JUPITER — Scripps Research has finalized the integration of its biomedical operation in Jupiter with the University of Florida's academic health center's academic health research center in Gainesville in a relationship that pairs private and public institutions.
The operational transition will begin this week, Scripps and UF said in a join news release Tuesday.
In July, the two institutions announced they were in talks to merge.
In the agreement, Scripps will transfer all assets associated with the 30-acre Scripps Florida, situated within Palm Beach County’s innovation corridor. This includes property, buildings, equipment and adjacent 70-acre tract.
The campus, which is considered one of the top National Institutes of Health-supported research centers in the state, includes more than 40 faculty-led laboratories supported by a 500-member team researching illnesses and develop effective treatments.
“We are excited to work collaboratively with our colleagues at Scripps to rapidly take discoveries made at the bench to the bedside, where they can have the most benefit to humanity,” said Dr. David R. Nelson, senior vice president for health affairs at UF and president of UF Health, the university’s academic health center. “We are looking forward to cultivating a culture of innovation that will extend from the outstanding science already underway.”
The goal of the intregation, according to officials from both organizations, is "to build on the excellent scientific work taking place to more expediently unlock clinical advances that improve outcomes for patients in the state and around the world,."
UF and UF Health have committed to work with Scripps Florida leadership over the next five years to hire additional faculty in Jupiter.
“I would like to thank our Board member Dr. Herbert Wertheim on behalf of Scripps Research for making this unique partnership possible for Scripps and the University of Florida by taking this opportunity directly to President Fuchs," said Dr. Peter Schultz, Ph.D., president and chief executive officer of Scripps Research, based in La Jolla, Calif. "Without his effort and commitment, this transfer would not be happening. This is truly an example of the whole being greater than the sum of the parts.
Wertheim is a member of the Scripps Research Board of Directors, a UF alumnus, founding chair of UF’s Herbert Wertheim College of Engineering and a longtime supporter of UF," Schultz said.
“Florida supported us in establishing a world-class institute, and Scripps Florida together with UF, as part of the greater Florida research and education community, will have a tremendous impact on scientific research and human health," Schultz added.
Areas of collaboration: cancer; drug discovery; immunology and infectious disease; neuroscience, including Alzheimer’s and other aging-related diseases, as well as autism, HIV/AIDS, and structural biology and molecular medicine.
Scripps Florida researchers' discoveries have led to several hundred patents and numerous spinoff companies.
Scripps has received nearly $50 million in National Institute of Health funding and over $67 million in total research funding, which includes industry support.
UF has spent $942 million in research expenditures during the past fiscal year, including $143 million in NIH grants, which is tops in the state.
UF already has had research collaborations with Scripps.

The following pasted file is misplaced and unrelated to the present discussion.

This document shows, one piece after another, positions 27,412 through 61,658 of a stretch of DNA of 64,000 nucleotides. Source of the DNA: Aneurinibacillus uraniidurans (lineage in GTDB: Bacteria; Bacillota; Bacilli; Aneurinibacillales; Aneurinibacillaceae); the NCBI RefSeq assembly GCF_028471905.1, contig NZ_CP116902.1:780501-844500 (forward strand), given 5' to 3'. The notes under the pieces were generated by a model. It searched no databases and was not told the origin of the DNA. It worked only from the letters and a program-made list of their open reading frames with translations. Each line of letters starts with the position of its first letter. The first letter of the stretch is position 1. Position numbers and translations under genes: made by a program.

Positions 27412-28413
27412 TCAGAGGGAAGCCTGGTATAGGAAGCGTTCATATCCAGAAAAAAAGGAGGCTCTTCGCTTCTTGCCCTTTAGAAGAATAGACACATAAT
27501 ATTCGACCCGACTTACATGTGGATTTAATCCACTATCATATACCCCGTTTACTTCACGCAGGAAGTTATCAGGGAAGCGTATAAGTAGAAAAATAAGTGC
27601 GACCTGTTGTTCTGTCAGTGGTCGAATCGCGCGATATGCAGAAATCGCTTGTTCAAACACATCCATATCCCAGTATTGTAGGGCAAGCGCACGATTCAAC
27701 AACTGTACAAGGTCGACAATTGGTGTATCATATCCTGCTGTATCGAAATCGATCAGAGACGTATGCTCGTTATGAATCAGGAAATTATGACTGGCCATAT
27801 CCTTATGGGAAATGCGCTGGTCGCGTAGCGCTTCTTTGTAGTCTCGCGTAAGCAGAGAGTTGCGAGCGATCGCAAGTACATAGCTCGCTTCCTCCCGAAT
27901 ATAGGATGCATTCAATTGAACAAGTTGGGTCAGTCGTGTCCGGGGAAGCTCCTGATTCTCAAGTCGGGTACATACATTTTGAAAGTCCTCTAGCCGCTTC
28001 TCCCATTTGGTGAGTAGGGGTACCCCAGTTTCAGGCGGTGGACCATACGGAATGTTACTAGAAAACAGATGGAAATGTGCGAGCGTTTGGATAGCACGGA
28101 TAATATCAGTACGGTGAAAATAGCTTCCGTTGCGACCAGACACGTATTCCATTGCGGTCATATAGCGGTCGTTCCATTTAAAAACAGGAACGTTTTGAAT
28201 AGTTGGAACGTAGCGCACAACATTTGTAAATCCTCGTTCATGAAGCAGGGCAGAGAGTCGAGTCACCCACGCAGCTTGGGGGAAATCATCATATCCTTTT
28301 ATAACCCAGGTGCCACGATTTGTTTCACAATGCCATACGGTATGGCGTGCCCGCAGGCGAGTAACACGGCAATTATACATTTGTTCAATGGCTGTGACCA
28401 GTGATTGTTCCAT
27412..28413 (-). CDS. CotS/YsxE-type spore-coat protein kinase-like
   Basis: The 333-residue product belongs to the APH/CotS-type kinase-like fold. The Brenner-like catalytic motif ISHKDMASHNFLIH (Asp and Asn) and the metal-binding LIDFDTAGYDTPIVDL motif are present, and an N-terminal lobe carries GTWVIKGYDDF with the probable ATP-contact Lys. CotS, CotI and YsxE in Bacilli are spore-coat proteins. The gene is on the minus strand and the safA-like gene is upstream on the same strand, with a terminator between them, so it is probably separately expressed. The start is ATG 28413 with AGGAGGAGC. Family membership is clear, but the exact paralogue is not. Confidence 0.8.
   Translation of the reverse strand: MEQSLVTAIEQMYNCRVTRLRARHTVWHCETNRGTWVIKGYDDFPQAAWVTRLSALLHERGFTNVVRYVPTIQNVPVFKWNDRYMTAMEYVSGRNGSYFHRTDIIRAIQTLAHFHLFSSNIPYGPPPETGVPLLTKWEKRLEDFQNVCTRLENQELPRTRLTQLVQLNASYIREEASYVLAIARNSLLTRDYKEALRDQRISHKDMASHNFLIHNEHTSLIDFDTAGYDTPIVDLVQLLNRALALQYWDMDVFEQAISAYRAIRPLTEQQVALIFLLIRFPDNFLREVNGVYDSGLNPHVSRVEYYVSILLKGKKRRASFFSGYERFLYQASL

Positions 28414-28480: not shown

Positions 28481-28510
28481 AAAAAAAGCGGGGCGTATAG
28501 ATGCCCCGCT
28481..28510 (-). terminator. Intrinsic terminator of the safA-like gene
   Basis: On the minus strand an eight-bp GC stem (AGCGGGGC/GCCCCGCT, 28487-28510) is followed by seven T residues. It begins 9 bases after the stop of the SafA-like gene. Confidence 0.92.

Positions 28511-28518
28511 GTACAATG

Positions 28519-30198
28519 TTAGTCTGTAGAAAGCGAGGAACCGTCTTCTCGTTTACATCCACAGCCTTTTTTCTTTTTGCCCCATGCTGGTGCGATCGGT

Scripps announced in March one of its researchers, Dr. Michael Farzan, was in the process of developing a COVID-19 vaccine that is broken down to powder, shipped to delivery sites without refrigeration and mixed with water before injecting individuals.
As part of the arrangement, a site director and local leadership council will be appointed for the entity, which will be organized and operated independently and report to Nelson. Scripps scientists will join the UF faculty and also will retain an additional Scripps title.
“This integration between the University of Florida and Scripps Florida will create unprecedented collaboration among some of the world’s most brilliant and talented minds to address the biggest biomedical challenges we face today,” said Mori Hosseini, UF Board of Trustees chairman. “Not only will this produce enormous scientific and health-related advancements for the entire world, it also will lead to tremendous economic development and further elevated national and global stature for the state of Florida.
UF President Kent Fuchs said he hopes this integration will lead to new scientific and tech collaborations with others, including Florida Atlantic and Florida International universities.
“With our deep faculty benches at UF, UF Health and Scripps — along with our combined resources and impressive research capacity — I fully expect we will see absolutely remarkable discoveries in the years to come that will benefit the state, the nation and the world,” Fuchs said.
The University of Florida and FAU also collaborated on the NIH-funded National Drug Early Warning System coordinating center to identify emerging drug abuse trends
In 2003, Scripps expanded to Florida a campus adjacent to FAU.
Florida paid Scripps $310 million to open a Florida lab in an effort to entice biotech firms to the state, and Palm Beach County added $269 million.
Then Gov. Jeb Bush had envisioned 50,000 jobs in 15 years. Though the goal has not been met, Max Planck Florida Institute for Neuroscience later came to Jupiter.
In addition, Palm Beach County bought 70 acres of vacant land for $70 million across from Scripps in Palm Beach Gardens with an intention of developing a "biotech village."
Scripps has been leasing the land, known as the Briger tract, for $1 per year and an option to have the deed transferred to the biotech company. The property hasn't been developed and other portions of the Briger property have been sold for commercial and resident development, according to the Palm Beach Post.